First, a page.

Let's hear it for those champions of fiscal responsibility, the U.S. Congress, for swooping down like fiscal hawks upon a bunch of tax cheats who are threatening the very stability of our nation's economy.
Sure, our country has run up 10-digit deficits as far as the eye can see, we're in debt up to our eyebrows to Communist China, and our tax code encourages corporations to set up offshore accounts so Fortune 500 companies pay less in taxes than, say, a Wal-Mart greeter.
Refusing to be distracted by such piddly problems, Congress last year zeroed in on a much more serious crisis: People who donate vehicles to charities and then claim a tax break.
The problem seemed to be that some people were overstating the value of the vehicles they donated and claiming too large a tax deduction. Just think of the devastation this practice has wreaked on our tax structure. Why, the impact could run into the hundreds, maybe even thousands, of dollars nationwide!
Never mind that a small percentage of taxpayers even bother to itemize their returns. And only a tiny fraction of people donate cars to charity. And not all of them ask for the tax deduction.
Or that only an estimated 3 percent of charities nationwide even have vehicle donation programs. And those that do have better things to do with their limited resources than to handle the extra paperwork burden and rules that Congress has now imposed.
Or that the people who rely on these charitable organizations to keep themselves and their families alive will be the ultimate victims. The new rules may well discourage donations, which would mean less money for those charities that sell the donated cars. For those groups that allow their clients to use the vehicles, it could be a crippling blow.
"This is going to hurt," said DuWayne Sipper, executive director of the Path rescue shelter in Beverly Hills. The full impact will be felt as the year rolls along and the new rules becomes more widely known. But the outlook is not promising.
Perhaps more than any other social service agency in Citrus County, the Path depends on donated vehicles for clients of its homeless shelters. As these men and women get back on their feet and return to the working world, they need a way to get to their jobs, especially in a county that does not offer a full-fledged mass transit system.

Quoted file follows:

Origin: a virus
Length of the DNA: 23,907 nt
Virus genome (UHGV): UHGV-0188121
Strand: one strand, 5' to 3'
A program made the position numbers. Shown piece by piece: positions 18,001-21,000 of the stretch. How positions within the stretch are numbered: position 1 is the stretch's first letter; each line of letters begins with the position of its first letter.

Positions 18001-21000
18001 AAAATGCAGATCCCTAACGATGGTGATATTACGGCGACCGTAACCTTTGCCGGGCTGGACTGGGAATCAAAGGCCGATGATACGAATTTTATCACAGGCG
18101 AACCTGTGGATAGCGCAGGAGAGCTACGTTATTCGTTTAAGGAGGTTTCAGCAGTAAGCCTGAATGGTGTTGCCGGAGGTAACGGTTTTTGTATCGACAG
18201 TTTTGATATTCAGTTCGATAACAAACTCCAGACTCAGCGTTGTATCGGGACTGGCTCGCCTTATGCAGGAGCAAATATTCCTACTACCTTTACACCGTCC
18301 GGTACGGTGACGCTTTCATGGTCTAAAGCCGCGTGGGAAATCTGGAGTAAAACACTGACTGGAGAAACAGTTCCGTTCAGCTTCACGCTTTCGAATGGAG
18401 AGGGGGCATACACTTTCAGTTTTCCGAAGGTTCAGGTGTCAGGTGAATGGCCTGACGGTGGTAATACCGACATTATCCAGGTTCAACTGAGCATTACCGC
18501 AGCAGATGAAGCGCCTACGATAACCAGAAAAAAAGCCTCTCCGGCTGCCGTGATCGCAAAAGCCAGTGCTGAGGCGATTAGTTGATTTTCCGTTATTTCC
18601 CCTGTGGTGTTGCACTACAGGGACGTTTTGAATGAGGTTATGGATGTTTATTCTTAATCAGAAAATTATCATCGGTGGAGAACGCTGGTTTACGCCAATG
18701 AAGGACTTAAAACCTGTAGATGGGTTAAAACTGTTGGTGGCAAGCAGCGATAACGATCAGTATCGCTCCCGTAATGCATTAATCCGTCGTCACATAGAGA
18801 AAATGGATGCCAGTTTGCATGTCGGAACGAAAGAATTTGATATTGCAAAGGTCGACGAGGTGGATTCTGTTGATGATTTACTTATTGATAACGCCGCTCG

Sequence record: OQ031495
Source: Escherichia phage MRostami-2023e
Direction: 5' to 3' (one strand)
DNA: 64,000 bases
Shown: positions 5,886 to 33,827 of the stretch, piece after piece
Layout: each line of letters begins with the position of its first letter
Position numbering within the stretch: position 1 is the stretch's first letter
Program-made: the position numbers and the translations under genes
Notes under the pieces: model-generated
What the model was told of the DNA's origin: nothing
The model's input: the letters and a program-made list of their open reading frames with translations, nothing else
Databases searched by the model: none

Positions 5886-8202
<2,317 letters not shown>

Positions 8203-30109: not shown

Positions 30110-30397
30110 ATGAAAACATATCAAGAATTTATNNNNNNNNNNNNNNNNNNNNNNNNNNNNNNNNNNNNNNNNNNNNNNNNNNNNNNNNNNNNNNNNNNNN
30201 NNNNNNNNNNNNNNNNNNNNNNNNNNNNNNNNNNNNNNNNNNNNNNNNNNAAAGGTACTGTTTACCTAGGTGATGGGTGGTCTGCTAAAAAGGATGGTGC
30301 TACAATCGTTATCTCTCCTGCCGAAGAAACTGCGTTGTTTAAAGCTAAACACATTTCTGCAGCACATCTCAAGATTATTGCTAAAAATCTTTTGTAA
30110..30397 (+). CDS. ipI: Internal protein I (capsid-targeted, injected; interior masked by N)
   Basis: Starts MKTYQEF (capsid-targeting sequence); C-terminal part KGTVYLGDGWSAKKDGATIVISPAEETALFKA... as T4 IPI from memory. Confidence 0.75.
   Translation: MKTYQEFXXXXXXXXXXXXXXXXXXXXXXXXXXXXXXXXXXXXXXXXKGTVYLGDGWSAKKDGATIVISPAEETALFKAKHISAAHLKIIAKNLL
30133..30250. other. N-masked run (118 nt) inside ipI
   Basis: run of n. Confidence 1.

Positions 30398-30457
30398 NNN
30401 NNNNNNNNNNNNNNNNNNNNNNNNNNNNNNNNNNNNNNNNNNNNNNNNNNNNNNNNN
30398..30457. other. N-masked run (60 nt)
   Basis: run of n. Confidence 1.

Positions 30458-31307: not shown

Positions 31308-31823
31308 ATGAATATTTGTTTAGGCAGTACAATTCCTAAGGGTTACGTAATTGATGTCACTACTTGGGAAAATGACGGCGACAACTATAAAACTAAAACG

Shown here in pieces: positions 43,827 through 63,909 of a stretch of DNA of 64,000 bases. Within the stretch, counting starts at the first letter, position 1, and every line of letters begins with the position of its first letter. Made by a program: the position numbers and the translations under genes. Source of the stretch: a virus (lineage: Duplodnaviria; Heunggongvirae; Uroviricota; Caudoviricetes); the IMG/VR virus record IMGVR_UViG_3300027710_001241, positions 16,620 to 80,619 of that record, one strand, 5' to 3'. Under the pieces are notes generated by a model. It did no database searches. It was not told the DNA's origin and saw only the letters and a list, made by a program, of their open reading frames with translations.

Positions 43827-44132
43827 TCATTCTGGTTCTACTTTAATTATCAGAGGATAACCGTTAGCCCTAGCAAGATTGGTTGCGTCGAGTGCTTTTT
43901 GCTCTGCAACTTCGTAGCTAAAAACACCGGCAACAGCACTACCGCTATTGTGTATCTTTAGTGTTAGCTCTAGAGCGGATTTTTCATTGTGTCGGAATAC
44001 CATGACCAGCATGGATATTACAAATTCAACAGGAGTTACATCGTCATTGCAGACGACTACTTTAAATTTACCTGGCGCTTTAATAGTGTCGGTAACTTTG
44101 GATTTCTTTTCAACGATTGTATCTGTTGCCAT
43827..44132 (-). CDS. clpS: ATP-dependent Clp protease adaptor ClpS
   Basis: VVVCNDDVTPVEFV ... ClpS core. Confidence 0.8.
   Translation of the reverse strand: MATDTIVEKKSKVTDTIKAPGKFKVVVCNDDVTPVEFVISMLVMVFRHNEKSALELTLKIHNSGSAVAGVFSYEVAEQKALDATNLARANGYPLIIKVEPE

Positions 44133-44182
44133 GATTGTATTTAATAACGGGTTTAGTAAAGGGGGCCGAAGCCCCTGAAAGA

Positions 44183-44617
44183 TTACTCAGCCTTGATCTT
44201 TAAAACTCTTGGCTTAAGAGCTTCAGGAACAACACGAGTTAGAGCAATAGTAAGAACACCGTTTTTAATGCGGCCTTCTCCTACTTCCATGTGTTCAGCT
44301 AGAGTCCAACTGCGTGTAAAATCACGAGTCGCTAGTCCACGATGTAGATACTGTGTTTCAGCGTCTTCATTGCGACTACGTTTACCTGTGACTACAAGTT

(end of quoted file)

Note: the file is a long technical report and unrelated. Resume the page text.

This year, Sipper said, the Path received about a dozen donated cars, all of them "experienced" as they say in the used-car trade. You and I might call them clunkers, but to someone whose alternative is the shoe-leather express, they are golden chariots.
Sipper described a recent addition to the Path family, a Dodge Colt of indeterminate vintage. "It's ugly," he said. "It has rust holes. The driver's door doesn't close all the way. It looks terrible. But it runs great."
That's all that matters to the women at the shelter, he said, "A little coupe that doesn't leak very much, is good on gas and has a reliable engine." Some of the men at the shelter, plus a number of Path supporters around the county, pitch in to do what repairs they can.
The new rules won't prohibit these vehicle donations, just make them less advantageous for donors. Under the old tax rules, donors could deduct the vehicle's entire fair market value. Now, if the value is more than $500 and the charity sells the car, the donor can deduct only the gross proceeds that the charity receives from the sale.
Say a person last year donated a car with a Kelley Blue Book value of $1,000. Their deduction would be $1,000. Now, if the charity sells that same donated car for $200, the deduction is only $200.
Since few of the donated cars sell at anything close to their Blue Book value, that means lower deductions. Plus, the charities must now contact the donor within 30 days of the sale to tell them the sale amount.
If the charity keeps the vehicle or fixes it up, the charity must let the donor know about the changes so the donor can deduct a higher market value. All of which means more paperwork and headaches for charities that already have their hands full.
Some charities simply have the donated vehicles sold at auction and pocket the proceeds. But federal officials complain that some middlemen are abusing the system by giving only a small slice of the pie to the charities. This, along with the exaggerated deduction amounts claimed by some donors, spurred the swift actions of Congress.
What are these changes going to mean to groups like the Path, which sometimes sells its donated vehicles to other members of the working poor? Or that count on such donations to stay afloat and to perform community services that would otherwise fall to the government?
Sipper won't know until probably this time next year, but the signs are not good.
"The government should be doing everything it can to help us because we save it so much money," he said. "Once again, they are cutting off their noses to spite their face."